postcard from america

I went to Santa Fe after Los Angeles for the International Academy of Ceramics Assembly held there. This assembly is held in a different city each year. In 2010 it was Paris while in 2014 it will be Dublin and 2016 in Barcelona then 2018 in Taipei. Each city hosts the conference in its own style rather than any pre-determined way so each time it is different and delegates ‘go with the flow’ of the region/country.  The conference was principally held in the La Fonda Hotel which, like all buildings in Santa Fe is adobe. The hotel is old, has an American heritage listing and is very grand.

Outside on the street was parked the Airstream – a 30foot, 1969 aluminiummodernist style caravan that for the past 11 years has served as a nomadic pottery (in American this means tableware) gallery on wheels.

The owner – Aleghany Meadows – sees it as an economically viable way to market a variety of potters work and he drives it around the USA to a variety of conferences, craft fairs and other interesting venues. I have read about it at intervals over the years but this was my first acquaintance. Here are some images…

This is The Airstream- parked outside a side entrance to the La Fonda hotel in Santa Fe. A mobile functional ware display venue.

Inside the Airstream.

Inside the Airstream.

Inside the Airstream

Inside the Airstream. Pastel-hued mugs and bowls.

Inside the Airstream. A large, surprisingly light teapot with comfort-focussed handle.

Inside the Airstream. Candelabra, jug, mugs and beakers.

Inside the Airstream. Elegantly simple linear surface decoration.

In Santa Fe is a long street called Canyon Road lined almost exclusively with many dozens of galleries. Some have tourist stuff of a Native American bent – extremely colourful and decorative souvenirs in every medium imaginable. However some have first class work and are worth a look.

Another gallery on Canyon Rd

Garth Clark heading across to examine some old adobe walls that are starting to crumble.

The middle of Canyon Road

Another gallery on Canyon Road

Santa Fe Clay is (as most in America) a private (read ‘for profit’ in  American) business that does the same job as the ASP and other Society  teaching structures around New Zealand. Avra Leodas, is owner and has  been in business there for many years, and it seems to be thriving. She  has several full-time and part-time staff as well as visiting workshop  leaders from all across the USA and occasionally from off-shore.   Santa Fe Clay is located in the Railway Arts Area – no train link  direct to Santa Fe any more just all those old and large railway  buildings which has been turned into an arts area separate from the town  centre activity that is more dedicated to Native American arts. The  Railway Arts area has many private galleries (read ‘for profit’) and  shops selling Indian or South American textiles, hand carved furniture,  artisan jewellery etc and one large, very contemporary public one (read  ‘not for profit,’ in American), where I saw Ai WeiWei’s paint covered  ceramic jars from the ? Dynasty, in addition to photographic  installations, contemporary sculpture, video and animation art and, good  heavens, even a couple of paintings. The area would take at least a  whole day, maybe two, to thoroughly explore.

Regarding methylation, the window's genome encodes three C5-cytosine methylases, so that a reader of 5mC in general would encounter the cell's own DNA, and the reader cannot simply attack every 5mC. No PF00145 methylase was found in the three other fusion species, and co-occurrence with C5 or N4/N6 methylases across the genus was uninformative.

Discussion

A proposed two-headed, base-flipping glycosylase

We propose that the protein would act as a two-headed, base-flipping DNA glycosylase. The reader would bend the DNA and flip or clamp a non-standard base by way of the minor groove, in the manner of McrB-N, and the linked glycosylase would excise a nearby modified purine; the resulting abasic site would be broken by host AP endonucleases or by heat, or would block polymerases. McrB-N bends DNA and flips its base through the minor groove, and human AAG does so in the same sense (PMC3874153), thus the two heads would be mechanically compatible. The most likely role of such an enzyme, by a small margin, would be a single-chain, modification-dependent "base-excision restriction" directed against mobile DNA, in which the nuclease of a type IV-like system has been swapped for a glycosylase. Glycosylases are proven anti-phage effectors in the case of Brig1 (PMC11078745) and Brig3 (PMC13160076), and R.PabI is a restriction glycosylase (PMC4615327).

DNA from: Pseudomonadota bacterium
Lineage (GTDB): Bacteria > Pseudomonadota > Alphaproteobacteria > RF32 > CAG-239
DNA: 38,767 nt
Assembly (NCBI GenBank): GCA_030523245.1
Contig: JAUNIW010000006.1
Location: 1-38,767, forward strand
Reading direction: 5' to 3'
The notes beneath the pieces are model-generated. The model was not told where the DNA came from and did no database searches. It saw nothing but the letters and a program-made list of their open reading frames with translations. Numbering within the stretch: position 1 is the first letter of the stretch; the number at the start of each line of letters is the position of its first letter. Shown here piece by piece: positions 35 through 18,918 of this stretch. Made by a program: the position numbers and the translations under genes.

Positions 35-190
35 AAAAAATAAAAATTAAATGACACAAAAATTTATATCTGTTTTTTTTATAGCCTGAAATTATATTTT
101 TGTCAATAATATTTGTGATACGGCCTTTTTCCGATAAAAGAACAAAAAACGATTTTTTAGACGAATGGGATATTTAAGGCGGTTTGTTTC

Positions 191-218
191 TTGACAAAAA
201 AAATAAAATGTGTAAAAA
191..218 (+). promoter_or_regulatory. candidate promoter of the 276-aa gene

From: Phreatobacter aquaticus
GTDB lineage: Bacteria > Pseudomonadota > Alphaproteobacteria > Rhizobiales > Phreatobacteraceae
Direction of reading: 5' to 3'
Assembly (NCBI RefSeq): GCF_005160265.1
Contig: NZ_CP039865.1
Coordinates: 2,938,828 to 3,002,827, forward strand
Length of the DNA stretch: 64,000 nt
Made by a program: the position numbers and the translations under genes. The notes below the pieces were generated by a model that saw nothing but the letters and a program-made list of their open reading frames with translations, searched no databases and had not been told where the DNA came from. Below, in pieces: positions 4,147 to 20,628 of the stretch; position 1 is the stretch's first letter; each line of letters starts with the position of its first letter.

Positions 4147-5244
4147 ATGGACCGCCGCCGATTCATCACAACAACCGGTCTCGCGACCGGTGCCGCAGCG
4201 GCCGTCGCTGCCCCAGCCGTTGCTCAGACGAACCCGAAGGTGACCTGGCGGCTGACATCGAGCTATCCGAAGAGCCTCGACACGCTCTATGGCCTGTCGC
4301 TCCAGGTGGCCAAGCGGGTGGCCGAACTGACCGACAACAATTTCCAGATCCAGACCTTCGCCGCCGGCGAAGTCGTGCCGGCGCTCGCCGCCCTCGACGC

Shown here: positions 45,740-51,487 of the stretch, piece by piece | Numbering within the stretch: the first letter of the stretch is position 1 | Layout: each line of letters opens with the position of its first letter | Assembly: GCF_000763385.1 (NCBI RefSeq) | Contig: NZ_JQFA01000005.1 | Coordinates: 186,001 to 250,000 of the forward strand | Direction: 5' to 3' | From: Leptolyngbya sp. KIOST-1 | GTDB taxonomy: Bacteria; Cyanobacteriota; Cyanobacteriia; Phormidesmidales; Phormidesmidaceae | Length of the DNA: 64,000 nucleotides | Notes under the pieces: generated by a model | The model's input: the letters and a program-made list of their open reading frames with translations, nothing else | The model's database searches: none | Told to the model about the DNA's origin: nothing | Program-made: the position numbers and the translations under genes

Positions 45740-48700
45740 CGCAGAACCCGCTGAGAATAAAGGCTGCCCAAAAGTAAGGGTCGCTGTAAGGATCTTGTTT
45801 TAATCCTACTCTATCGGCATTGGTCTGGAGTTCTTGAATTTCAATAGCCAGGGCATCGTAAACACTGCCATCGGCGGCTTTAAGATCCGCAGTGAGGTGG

Santa Fe Clay is an amalgam of many things all of which are  complementary in American terms. The commercial area sells, tools, clay, kilns, books and ready prepared glazes along with a large space for bulk  clays of many types and  glaze ingredients for those preferring the DIY  approach. There is a spacious teaching/working area – with far more  tables and fewer wheels than we’d find in NZ (Paul Scott says he has  never seen a teaching area like the ASP with so many wheels per sq m.!).   Then there’s an exhibition area that can be expanded when necessary  and Avra shows many of the best the USA has to offer on a regular basis,  (there is an eighteen month programme in place) covering every  expression imaginable even to raw clay, large scale installations, by  Walter McConnell, where it will all be shovelled up in the end. So  quality, rather than profit, is the aim here. The exhibition gallery  area is simple but well presented in the sort of spaces one would find  in the home. There are regular exhibitions and she keeps the unsold work in another display area after the exhibition is completed for some months. This  section is busier than the current exhibits but serves as useful references and sells steadily. Also there is a dedicated packing area  for works to be shipped anywhere with every type of packaging imaginable. Finally there is a selling area where regular attendees to the classes  and workshops’ work is offered for sale. This displays everything from  mugs through to objects and it all feels very up to date.   It’s a one-stop-shop for anything you would like to do in clay in Santa Fe.

Work from earlier show on display at Santa fe Clay

On display at Santa fe Clay

On display at Santa Fe Clay

Lemon squeezer on display at Santa fe Clay

Condiment set at Santa Fe Clay

A veryu nice teapot with far too much clutter behind (that could not be moved) at Santa Fe Clay

On display at Santa Fe Clay. Peter Beasecker has sent entries to the Fletcher at intervals.

Chris Gustin

Tom Spleth

Cheryl Ann Thomas

A shelf-ful as one work. Edward Eberle.

Detail – Edward Eberle

Press moulded bowls at Santa fe Clay

Every house in Santa Fe seems to have one of these…sometimes two – one out and one inside

Outside Santa fe Clay – modest outside yet huge inside with gallery space, teaching area, work store, shop area, supplies and packing areas…. it’s huge!

Cups on sale…

A small part of the ready-made glazes for sale at Santa Fe Clay

Tools, batts, even kilns for sale in this area

Books for sale

Members work on display and for sale.

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